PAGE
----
My place in Burlington and my home place were both similar and different. Although both my spot in Burlington, and my place at home are similar at first glance, both forested areas near small rivers, the two sites show many differences. The most noticeable difference is the forest structure of the two places. In Burlington, at Salmon Hole, the forest is mostly hard woods with few evergreen trees at all. Mostly, the Salmon Hole forest at my spot consists of basswood, maple and beech. The trees are mostly young, with a few exceptions. At my home place, the forest structure is much different. Near the beginning of the path, the forest composition is spaced out white pines and mostly oak and maple making up the over story, with many young beeches densely dominating the under story. The canopy covers almost all the area as you look up, but is not very dense, allowing much light to get through. As the path goes deeper into the forest, there is a shift in forest composition to a hemlock dominated forest, that consists of closely spaced, tall, mature trees. In this part of the forest, there is much less light penetrating the hemlock canopy, and the under story is rather sparse. Only a few small vegetative plants grow in the under story, with very few, if any, small trees growing. The change between the two parts of the forest was very noticeable; it was like entering two different worlds. In comparison to the Salmon hole place, the otter part of my home place was more similar, the beech under story and light penetrated canopy were more similar than the dark, mature hemlock stand at the home place. However the tree species found in the hard wood area of the home place, and the Salmon hole place were different. The home place has only a few older trees that are mostly oak or maple, with many young beech making up the under story. At Salmon Hole, there are a variety of species that make up the mostly more mature tree canopy, while a few young beeches make up the under story.
Another difference is the land use of the two places. The Salmon Hole spot in Burlington is located very close to an urban area, and has a high human use rate. The land is public, there are well established foot trails, and many people use the area for recreation from running to fishing. On the other hand, my home place is private land in a very rural area. Few people, except for myself and a few neighbors, use the land. There is an established path wide enough for, and used by, ATV’s and snowmobiles, but only my family and my neighbor use the trail. This trail is only in the beech dominated part of the forest. Deeper in the Hemlock part of the forest there are no trails, and it is rarely visited by anyone. This reduced land use has allowed for a more natural succession to take place. It is my guess that the hemlock section was not recently cleared by humans, while the beech section most definitely was. The stone walls in the beech section further indicate an agricultural land use history. In the Hemlock section of the forest, the topography consists of a steep hill on the north east side and the river to the west. This topography may have created the dark conditions that promoted hemlock growth. In addition, the steep topography may have been unsuitable for agricultural uses, and therefore was not recently cleared by people.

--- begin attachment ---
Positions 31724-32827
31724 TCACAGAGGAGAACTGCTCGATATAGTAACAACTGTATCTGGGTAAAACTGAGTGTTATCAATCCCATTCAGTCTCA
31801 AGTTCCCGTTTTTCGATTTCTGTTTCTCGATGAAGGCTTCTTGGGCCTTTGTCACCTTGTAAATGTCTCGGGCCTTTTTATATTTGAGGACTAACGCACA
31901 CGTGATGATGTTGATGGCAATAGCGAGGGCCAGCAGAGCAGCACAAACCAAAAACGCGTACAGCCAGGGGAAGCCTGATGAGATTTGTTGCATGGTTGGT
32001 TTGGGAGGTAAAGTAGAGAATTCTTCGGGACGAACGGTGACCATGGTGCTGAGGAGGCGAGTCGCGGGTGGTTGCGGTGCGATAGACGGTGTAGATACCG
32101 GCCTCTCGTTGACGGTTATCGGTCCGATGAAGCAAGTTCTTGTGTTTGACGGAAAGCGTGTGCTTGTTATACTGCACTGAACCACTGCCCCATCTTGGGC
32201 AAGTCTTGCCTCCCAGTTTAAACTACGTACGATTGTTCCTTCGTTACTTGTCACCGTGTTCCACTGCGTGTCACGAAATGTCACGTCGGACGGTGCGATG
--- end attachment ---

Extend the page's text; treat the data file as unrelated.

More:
Due to the differences in land use, location, and proximity to urban areas, there is a more diverse forest habitat at the home place than at the Salmon Hole location. At the home place, there are fewer invasive species compared to the Burlington place. There are also more signs of wildlife in the home place, and a more diverse under story make up as well. At the Salmon hole place, there are many invasive buckthorn bushes in the under story, as well as oriental bittersweet, grape vines, and other aggressive species. I did not notice any invasive species in the home place. The biodiversity seemed higher in the home place as well, I noticed several fern species, small plants, fungus, mosses, and a low growing plant with red berries, possibly wintergreen. Please see the photos post to see example of some of these species.
I enjoyed my place at home more than the Burlington place because it was very peaceful, quiet, and there are fewer human disturbances. In the Burlington spot, the noises and impacts of the urban area are still present despite the natural setting. However, I am thankful for the Salmon Hole place because despite urban impacts, it is nice to have a natural area so near to an urban center, and I enjoy the time I spend there as an escape from the activities of campus and the city.